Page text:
Severe Storm Outlook Narrative (AC)
Issued by NWS
ACUS02 KWNS 300520
SPC AC 300520
Day 2 Convective Outlook
NWS Storm Prediction Center Norman OK
1220 AM CDT Thu Mar 30 2017
Valid 311200Z - 011200Z
...THERE IS A MARGINAL RISK OF SEVERE THUNDERSTORMS FRIDAY AFTERNOON
ACROSS PARTS OF THE MID ATLANTIC COAST REGION...
...THERE IS A MARGINAL RISK OF SEVERE THUNDERSTORMS FRIDAY EVENING
ACROSS PARTS OF THE CENTRAL HIGH PLAINS...
Strong thunderstorms may impact parts of the Mid Atlantic Coast
region Friday afternoon, and portions of the central high Plains
Friday evening, accompanied by at least some risk for severe
Significant short wave perturbations continue to emerge from a
strong belt of westerlies over the mid-latitude Pacific. Another in
the series is now digging inland across the Pacific Northwest coast,
and forecast to continue southeastward today, with an embedded
lower/mid tropospheric cyclone developing/deepening as it crosses
much of the southern Great Basin by 12Z Friday. As this occurs, the
forward progression likely will slow, but models suggest that center
of circulation will gradually redevelop east southeast of the Four
Corners region Friday through Friday night, probably broadening and
weakening as it does.
As downstream short wave ridging builds across the southern Plains
through the lower/middle Mississippi Valley region, the remnants of
the closed low/short wave trough currently progressing into the
Mississippi Valley are forecast to accelerate east southeast of the
lower Ohio Valley, across and east of the Mid Atlantic Coast by 12Z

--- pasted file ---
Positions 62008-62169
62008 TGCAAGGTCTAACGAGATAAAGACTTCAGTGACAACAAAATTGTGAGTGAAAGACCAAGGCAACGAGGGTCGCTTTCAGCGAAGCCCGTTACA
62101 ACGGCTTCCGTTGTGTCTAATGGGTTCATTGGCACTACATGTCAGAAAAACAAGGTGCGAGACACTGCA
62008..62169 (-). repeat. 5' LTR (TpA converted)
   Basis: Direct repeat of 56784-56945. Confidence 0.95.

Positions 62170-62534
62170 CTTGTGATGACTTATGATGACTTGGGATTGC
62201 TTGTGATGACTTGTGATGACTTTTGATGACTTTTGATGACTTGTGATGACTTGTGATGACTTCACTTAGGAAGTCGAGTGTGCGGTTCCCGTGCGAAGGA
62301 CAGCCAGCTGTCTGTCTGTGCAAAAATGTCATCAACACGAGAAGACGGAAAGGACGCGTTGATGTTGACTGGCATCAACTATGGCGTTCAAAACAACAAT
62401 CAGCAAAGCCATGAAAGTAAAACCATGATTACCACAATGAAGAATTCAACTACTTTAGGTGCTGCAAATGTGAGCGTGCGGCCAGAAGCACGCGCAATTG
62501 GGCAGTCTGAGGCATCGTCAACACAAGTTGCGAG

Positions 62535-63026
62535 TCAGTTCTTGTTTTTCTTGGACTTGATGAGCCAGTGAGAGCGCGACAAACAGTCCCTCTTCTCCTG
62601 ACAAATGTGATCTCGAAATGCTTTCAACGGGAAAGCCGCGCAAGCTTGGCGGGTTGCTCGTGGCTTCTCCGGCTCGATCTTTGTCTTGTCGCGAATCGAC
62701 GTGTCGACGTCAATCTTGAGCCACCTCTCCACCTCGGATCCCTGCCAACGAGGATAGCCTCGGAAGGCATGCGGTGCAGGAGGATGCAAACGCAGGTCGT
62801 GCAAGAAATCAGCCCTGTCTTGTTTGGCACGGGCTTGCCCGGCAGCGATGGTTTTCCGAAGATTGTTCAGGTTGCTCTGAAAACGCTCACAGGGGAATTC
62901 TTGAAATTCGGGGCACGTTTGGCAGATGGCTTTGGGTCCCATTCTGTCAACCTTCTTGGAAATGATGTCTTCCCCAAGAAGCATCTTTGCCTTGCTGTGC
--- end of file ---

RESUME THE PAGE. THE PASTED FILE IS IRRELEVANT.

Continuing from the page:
In response to these features, in lower levels, modest surface
cyclogenesis may occur, from the lee of the central Appalachians
through northern Mid Atlantic coastal areas, and to the lee of the
southern Rockies. This is expected to be generally focused along a
surface frontal zone that may advance east of much of the Mid
Atlantic coast, while stalling in more or less east-west fashion
across parts of the Southeast into the southern Plains.
It appears the front will be preceded by one or more convective
outflows across parts of the Southeast and northeastern Gulf of
Mexico, but at least seasonably modest low-level moisture is
expected to advect into the Mid Atlantic states ahead of the frontal
passage. A southerly return flow may commence across the lower Rio
Grande Valley and western Gulf coast into the southern Plains, but a
substantive/deep low-level moisture return appears unlikely through
at least 12Z Saturday.
...Mid Atlantic Coast...
Models are suggestive that forcing for ascent associated with the
approaching upper impulse may support weak early period convection
overspreading the region. In the wake of this activity, low-level
moistening, perhaps some insolation associated with breaks in
overcast, and mid-level cooling may all contribute to sufficient
destabilization for strengthening convective development near/east
of the Blue Ridge mountains. In the presence of modestly strong and
sheared lower/mid tropospheric wind fields (30-50 kt), it appears
the environment may become at least marginally conducive to
organized thunderstorm development. This may be accompanied by a
risk for marginally severe hail, potentially damaging wind gusts,
and perhaps even an isolated tornado or two before favorable
mid/upper forcing shifts northeast of the region Friday evening.
...South central high Plains...
Although models suggest considerable weakening of the approaching
closed low and associated wind fields will occur during this period,
an initial perturbation pivoting across the Rockies may still be
accompanied by a 50-70 kt southwesterly 500 mb speed maximum across
eastern New Mexico and the Texas Panhandle region by Friday evening.
Even with limited low-level moistening along the stalling frontal
zone across the Panhandle region, in the presence of lower/mid
tropospheric lapse rates that are forecast to become rather steep,
modest CAPE (at least 500 J/kg+) appears possible near and to the
cool side of the front. Initial storm development expected near the
Raton Mesa by late Friday afternoon, is expected to be maintained by
strong forcing for ascent and vertical shear, eastward along the
front across the high Plains Friday evening. As this occurs, the
environment may become at least marginally conducive to a narrow
swath of severe hail and wind.